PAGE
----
Maybe you’re thinking, if Uber and Lyft are convenient, why stand in their way? That’s fair, but governments do use taxes and subsidies to encourage people to quit smoking or buy homes. Transportation that works for everyone doesn’t happen on its own. “Designing the right structures matters,” Dr. Erhardt said.

And the third point is that policymakers may have to act early to impose new rules and requirements on new technologies. They didn’t do that when Uber and Lyft came along — because the companies fought regulation and the services were popular.

But the effects of the ride services suggest that emerging transportation, including driverless cars, may need regulations early on to ensure that promises of a collective benefit don’t turn out to be a mirage.

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Tip of the Week

Planning a trip soon? (I hope so!) Brian X. Chen, the personal technology columnist at The New York Times, talks us through the process of downloading maps on our phones for those moments when we might not have an internet connection.

With spring break — and vaccines! — upon us, many of you are probably planning road trips. Add this task to your to-do list: Download offline maps for your destination.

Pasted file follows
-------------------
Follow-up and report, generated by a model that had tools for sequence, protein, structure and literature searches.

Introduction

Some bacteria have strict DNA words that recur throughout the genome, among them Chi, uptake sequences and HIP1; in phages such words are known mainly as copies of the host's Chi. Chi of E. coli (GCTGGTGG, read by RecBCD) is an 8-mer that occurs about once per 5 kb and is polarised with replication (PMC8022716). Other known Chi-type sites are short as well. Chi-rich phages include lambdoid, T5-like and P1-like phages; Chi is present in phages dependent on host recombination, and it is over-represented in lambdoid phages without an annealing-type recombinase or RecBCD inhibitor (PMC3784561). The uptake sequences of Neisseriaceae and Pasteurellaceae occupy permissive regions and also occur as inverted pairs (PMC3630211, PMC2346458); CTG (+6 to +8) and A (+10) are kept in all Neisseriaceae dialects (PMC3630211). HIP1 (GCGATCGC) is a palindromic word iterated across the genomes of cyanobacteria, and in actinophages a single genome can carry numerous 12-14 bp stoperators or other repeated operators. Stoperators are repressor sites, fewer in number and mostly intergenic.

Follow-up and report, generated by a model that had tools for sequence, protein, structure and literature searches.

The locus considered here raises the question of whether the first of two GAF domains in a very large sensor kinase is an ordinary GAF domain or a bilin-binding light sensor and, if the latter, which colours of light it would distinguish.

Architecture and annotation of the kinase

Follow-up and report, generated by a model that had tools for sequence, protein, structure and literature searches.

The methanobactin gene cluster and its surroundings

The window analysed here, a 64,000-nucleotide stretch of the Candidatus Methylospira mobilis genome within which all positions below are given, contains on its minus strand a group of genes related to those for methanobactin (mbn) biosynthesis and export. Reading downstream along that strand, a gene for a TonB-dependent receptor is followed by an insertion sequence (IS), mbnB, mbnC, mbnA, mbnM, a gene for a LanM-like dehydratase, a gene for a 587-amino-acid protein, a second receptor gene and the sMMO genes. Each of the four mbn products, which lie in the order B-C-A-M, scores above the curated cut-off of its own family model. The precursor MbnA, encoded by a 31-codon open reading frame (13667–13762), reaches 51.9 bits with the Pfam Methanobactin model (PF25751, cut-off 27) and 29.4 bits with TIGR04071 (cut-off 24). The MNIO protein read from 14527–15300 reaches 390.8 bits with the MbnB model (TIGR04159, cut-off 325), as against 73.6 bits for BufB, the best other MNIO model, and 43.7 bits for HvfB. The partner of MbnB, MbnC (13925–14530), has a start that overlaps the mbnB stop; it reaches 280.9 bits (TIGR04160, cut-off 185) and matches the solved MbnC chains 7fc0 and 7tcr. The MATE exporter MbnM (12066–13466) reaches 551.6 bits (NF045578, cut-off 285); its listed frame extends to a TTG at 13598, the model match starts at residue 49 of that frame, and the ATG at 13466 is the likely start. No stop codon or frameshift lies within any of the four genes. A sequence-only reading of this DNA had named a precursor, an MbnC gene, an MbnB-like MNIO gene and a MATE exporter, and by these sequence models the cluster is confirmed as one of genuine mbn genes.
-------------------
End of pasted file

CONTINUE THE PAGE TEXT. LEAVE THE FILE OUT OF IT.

With offline maps, you store mapping data for your chosen destination on your smartphone. If you drive somewhere with poor cell reception, your maps app will still be able show you directions. This may come in handy if you visit a national park with very spotty reception, for example, and need to find your hotel or the entrance to a hiking spot.

Here’s how to download offline maps with Google Maps on iPhones and Android devices:

*Open the Google Maps app. Search for the place you’re planning to go. I’ll use Yosemite National Park as my example.

*At the bottom of the screen, tap on Yosemite National Park. Then tap the More button. That’s the icon of three dots in the upper right hand corner.

*Choose the option to “Download offline map.” Pinch your fingers together or apart to zoom in and out and select the map area that you want to save. Tap Download.


  • The meaning behind an Amazon election: Warehouse workers in Alabama are completing a vote on what could be the first Amazon union in the United States. My colleagues Karen Weise and Michael Corkery write about how the vote counting will work and what’s at stake in the election.

  • Never tweet? Recode reported that an Amazon computer security engineer thought that company tweets sniping at members of Congress were so unusual that they might be a cyberattack. Nope. Jeff Bezos wanted stronger pushback to criticism of the company.

  • Clamping down on freewheeling online news: A relatively new generation of scrappy, online-focused news outlets in India has resisted the government’s campaign against dissent. My colleagues Mujib Mashal and Hari Kumar say that new rules may now rein them in.

Check out this bird confidently strutting — sashaying, really. (And scroll down to see all of the people who set music to our avian friend, like this.) For the bird behavior experts: What’s going on here?


We want to hear from you. Tell us what you think of this newsletter and what else you’d like us to explore. You can reach us at ontech@nytimes.com.